whole grain

Discussion in 'Feeding & Watering Your Flock' started by Little Fuzzy, Feb 14, 2016.

  1. Little Fuzzy

    Little Fuzzy Chillin' With My Peeps

    Jan 16, 2016
    As a newbie to chickens and BYC I have loved reading about the different feed suggestions. So I went to the feed store and got some whole Barley and Oat groats and some BOSS to stir up into my own chicken scratch. The cashier at the feed store, who has raised chickens for a long time, and has answered my many questions, told me not to feed whole grains to my 21 week chickens because it will clog up the crop. She especially says not to feed Milo or Millet, nor even sunflower seeds with shell. Now I'm worried, they do love the barley!!!
  2. Folly's place

    Folly's place True BYC Addict

    Sep 13, 2011
    southern Michigan
    You do have grit out there for them? I buy the mixed scratch grains, it's much easier, and a 50 lb. bag lasts long enough, rather than storing 120 lbs. of different whole grains, just for treats. Mary
  3. Chris09

    Chris09 Circle (M) Ranch

    Jun 1, 2009
    Barley isn't the best grain to feed laying hens. Here's a couple of posts that describe why.

    This is a Quote from--

    Barley- is generally lower in protein than wheat,
    but the starch content is about equal to that of an average
    soft wheat. The fat content is low, and there is, in most
    samples, a high percentage of fibre, which is indigestible
    and of little food value to poultry. Wheat and rye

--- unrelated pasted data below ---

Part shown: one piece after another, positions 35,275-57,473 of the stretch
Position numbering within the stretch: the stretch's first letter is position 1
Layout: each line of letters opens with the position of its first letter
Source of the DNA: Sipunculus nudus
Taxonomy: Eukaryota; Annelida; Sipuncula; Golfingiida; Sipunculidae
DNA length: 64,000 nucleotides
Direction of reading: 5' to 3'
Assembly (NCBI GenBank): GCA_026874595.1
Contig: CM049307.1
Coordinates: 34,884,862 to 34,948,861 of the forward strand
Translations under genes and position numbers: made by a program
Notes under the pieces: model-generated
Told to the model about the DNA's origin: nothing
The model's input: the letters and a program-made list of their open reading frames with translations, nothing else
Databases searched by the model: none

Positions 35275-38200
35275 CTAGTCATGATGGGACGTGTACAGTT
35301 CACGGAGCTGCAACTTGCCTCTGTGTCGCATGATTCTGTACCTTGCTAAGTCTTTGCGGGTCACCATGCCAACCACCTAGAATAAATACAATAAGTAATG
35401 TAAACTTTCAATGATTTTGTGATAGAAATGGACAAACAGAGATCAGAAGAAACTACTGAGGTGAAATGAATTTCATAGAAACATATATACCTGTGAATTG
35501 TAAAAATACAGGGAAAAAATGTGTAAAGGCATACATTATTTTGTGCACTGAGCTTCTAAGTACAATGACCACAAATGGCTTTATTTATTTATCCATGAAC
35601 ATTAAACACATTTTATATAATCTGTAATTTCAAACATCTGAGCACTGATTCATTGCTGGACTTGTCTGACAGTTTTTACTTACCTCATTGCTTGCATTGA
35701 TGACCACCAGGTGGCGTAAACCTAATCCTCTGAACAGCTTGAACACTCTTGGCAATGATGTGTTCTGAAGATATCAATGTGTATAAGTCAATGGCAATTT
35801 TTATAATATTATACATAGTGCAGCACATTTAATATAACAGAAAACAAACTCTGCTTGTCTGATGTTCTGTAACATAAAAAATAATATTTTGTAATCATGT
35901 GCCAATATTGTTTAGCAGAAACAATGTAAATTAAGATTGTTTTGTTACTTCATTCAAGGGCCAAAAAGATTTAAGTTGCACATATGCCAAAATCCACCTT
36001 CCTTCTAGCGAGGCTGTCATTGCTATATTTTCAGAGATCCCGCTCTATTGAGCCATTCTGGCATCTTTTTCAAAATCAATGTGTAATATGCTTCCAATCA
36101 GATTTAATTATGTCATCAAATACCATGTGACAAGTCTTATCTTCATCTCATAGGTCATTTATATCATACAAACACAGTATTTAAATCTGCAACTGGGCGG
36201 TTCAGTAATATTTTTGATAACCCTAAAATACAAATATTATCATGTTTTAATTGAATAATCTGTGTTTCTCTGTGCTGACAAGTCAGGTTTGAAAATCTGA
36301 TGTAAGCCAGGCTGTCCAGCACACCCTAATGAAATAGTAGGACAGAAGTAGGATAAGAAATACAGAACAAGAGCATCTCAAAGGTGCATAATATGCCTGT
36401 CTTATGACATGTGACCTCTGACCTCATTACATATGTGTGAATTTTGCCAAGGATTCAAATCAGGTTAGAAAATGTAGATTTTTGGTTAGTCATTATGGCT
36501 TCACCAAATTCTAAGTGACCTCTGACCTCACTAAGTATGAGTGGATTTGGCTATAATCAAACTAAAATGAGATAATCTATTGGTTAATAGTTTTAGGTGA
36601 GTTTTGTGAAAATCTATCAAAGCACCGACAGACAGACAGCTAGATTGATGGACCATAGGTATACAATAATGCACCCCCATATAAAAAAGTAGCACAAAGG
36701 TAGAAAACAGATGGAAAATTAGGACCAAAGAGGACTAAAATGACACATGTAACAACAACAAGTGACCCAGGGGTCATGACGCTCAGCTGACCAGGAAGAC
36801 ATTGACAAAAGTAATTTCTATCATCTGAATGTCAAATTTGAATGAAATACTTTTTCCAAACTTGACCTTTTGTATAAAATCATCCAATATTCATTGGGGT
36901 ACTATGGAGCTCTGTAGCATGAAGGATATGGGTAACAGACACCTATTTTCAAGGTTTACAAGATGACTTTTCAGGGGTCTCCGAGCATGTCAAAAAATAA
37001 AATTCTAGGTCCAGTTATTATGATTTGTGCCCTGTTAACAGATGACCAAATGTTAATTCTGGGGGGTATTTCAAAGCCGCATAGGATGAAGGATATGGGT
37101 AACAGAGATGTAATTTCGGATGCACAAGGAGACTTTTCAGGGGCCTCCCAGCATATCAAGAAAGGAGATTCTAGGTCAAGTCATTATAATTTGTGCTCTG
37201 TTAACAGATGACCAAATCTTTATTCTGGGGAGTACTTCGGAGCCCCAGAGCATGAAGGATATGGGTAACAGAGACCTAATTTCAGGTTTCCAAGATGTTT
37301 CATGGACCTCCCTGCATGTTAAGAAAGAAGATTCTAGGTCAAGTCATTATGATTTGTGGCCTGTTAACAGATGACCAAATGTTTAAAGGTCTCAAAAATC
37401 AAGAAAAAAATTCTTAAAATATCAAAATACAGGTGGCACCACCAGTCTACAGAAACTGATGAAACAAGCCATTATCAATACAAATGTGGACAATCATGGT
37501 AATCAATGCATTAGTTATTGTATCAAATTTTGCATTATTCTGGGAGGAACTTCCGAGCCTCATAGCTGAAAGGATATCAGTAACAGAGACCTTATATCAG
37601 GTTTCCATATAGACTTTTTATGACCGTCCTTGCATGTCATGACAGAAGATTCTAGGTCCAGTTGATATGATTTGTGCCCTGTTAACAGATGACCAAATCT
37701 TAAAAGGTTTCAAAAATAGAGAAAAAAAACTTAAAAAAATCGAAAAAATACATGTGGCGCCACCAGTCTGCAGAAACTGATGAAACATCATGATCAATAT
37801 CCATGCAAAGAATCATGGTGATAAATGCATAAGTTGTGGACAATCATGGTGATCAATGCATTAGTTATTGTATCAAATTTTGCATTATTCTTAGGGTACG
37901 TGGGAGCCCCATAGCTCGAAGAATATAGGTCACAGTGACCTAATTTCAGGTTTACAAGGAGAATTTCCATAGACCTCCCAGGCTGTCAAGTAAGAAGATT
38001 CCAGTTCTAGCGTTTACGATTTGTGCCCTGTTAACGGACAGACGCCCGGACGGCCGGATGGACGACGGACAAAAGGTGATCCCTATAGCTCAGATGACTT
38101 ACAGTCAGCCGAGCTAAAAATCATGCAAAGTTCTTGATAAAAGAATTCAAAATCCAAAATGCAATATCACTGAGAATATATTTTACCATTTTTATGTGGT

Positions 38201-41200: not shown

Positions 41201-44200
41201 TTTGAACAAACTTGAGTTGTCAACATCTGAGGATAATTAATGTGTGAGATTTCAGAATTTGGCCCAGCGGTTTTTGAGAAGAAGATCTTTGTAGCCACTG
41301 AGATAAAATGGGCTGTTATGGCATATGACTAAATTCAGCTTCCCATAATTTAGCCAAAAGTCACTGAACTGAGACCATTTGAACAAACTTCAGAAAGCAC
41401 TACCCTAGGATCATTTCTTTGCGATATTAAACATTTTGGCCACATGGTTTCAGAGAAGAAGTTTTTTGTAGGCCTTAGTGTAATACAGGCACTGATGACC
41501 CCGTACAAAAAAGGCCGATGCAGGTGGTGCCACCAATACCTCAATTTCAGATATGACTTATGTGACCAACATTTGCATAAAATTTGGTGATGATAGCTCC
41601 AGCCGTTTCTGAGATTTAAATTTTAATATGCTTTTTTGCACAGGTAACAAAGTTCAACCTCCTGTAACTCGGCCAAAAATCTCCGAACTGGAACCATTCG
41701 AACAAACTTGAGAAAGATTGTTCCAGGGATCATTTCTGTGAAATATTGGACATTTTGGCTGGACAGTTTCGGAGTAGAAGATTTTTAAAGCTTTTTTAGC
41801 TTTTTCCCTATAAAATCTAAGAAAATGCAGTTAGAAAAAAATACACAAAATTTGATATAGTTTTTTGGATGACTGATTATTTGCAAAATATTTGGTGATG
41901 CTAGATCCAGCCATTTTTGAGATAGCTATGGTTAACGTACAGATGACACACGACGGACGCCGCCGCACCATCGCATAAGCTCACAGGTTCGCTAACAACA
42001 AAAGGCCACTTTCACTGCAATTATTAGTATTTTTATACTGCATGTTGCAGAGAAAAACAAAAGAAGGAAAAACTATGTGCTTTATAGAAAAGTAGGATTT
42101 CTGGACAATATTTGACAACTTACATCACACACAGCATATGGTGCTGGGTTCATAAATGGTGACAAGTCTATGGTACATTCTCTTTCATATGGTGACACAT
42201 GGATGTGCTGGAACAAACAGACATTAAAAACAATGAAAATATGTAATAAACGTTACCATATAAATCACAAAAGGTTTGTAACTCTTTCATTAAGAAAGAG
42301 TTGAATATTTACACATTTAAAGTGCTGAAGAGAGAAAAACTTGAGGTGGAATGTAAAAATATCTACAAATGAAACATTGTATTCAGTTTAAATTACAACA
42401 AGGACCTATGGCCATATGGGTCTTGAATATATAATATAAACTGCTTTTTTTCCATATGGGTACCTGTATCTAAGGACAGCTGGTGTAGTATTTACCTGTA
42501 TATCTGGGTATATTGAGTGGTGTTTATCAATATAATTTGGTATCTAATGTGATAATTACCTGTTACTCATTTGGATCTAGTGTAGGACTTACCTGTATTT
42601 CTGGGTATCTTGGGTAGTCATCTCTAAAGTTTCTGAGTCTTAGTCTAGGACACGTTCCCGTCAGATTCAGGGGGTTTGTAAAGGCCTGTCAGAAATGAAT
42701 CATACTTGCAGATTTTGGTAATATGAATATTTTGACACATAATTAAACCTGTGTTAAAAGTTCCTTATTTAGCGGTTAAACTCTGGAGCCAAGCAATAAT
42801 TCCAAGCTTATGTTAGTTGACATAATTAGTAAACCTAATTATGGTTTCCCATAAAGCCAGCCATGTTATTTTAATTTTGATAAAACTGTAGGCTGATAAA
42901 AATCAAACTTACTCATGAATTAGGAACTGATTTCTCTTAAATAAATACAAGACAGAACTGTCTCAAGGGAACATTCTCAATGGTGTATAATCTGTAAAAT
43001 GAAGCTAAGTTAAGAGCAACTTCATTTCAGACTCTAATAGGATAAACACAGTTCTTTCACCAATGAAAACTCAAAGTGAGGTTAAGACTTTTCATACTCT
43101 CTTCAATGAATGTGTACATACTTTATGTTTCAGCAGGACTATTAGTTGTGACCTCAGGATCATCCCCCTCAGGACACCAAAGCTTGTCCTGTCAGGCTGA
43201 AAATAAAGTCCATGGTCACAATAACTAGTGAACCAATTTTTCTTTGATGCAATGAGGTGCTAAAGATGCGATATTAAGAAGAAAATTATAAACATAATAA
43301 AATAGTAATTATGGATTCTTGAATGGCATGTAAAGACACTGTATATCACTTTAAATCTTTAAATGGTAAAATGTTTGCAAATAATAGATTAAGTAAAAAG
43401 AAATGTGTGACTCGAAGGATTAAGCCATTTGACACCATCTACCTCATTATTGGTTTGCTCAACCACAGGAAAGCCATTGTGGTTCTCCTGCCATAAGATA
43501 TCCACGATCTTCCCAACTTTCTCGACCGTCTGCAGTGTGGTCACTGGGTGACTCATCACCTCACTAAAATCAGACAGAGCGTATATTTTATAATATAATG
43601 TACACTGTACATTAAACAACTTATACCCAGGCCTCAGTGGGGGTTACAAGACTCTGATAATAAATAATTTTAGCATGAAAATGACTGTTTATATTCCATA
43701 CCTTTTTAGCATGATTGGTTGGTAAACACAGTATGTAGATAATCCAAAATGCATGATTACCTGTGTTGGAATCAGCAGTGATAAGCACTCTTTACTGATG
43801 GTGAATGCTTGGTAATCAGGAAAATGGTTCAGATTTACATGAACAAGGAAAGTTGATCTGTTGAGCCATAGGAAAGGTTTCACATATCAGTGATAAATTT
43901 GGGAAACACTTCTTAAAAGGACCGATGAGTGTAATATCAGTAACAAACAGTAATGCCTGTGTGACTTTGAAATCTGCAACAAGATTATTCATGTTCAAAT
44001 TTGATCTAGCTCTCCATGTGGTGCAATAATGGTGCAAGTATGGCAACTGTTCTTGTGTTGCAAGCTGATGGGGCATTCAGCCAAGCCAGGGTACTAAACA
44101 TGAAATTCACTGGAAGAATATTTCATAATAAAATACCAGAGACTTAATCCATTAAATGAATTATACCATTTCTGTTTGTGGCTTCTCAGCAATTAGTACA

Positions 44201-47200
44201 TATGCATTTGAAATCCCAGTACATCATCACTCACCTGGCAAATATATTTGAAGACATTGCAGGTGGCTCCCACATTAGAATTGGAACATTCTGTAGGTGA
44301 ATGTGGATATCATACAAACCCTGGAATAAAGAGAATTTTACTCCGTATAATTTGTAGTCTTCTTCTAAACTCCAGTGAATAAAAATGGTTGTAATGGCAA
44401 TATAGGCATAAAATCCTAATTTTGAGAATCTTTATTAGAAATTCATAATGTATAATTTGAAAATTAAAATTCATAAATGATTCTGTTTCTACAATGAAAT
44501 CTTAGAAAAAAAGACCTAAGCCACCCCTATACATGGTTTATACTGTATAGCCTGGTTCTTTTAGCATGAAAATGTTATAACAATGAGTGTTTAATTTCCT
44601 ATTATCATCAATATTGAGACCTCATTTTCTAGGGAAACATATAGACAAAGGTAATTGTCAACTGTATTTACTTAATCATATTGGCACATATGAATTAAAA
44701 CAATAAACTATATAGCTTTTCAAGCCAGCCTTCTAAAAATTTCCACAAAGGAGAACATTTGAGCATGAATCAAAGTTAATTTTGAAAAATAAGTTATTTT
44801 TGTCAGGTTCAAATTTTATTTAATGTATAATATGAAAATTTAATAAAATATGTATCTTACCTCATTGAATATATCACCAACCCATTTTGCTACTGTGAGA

kernels have smooth, thin skins, or outer coats, but
    barley kernels are enclosed in hard fibrous sheaths mainly cellulose..
    As regards cost barley is a cheap food in most countries.
    It is not a good egg-producing food, but is largely used
    in fatting poultry. It may be given as a change of
    food, and with advantage in cold weather. The mineral
    content is low and, as in other cereals, is acid.

    Written by: Dr. Jacquie Jacob, University of Kentucky http://articles.extension.org/pages/68431/feeding-barley-to-poultry
    Barley (Hordeum vulgare) is commonly grown for malting but can also be grown for human food and animal feed. Barley is the main feed ingredient in some parts of western North America and in many countries in Europe that are less suitable for corn. In addition, barley can also be grown as a pasture crop and can play an important role in crop rotation in organic production systems. Barley has an extensive root system that makes it able to compete with weeds. Barley is often used to break disease, insect, and weed cycles associated with other crops. Direct rotation with other small grains, however, is not recommended.
    Nutrient Content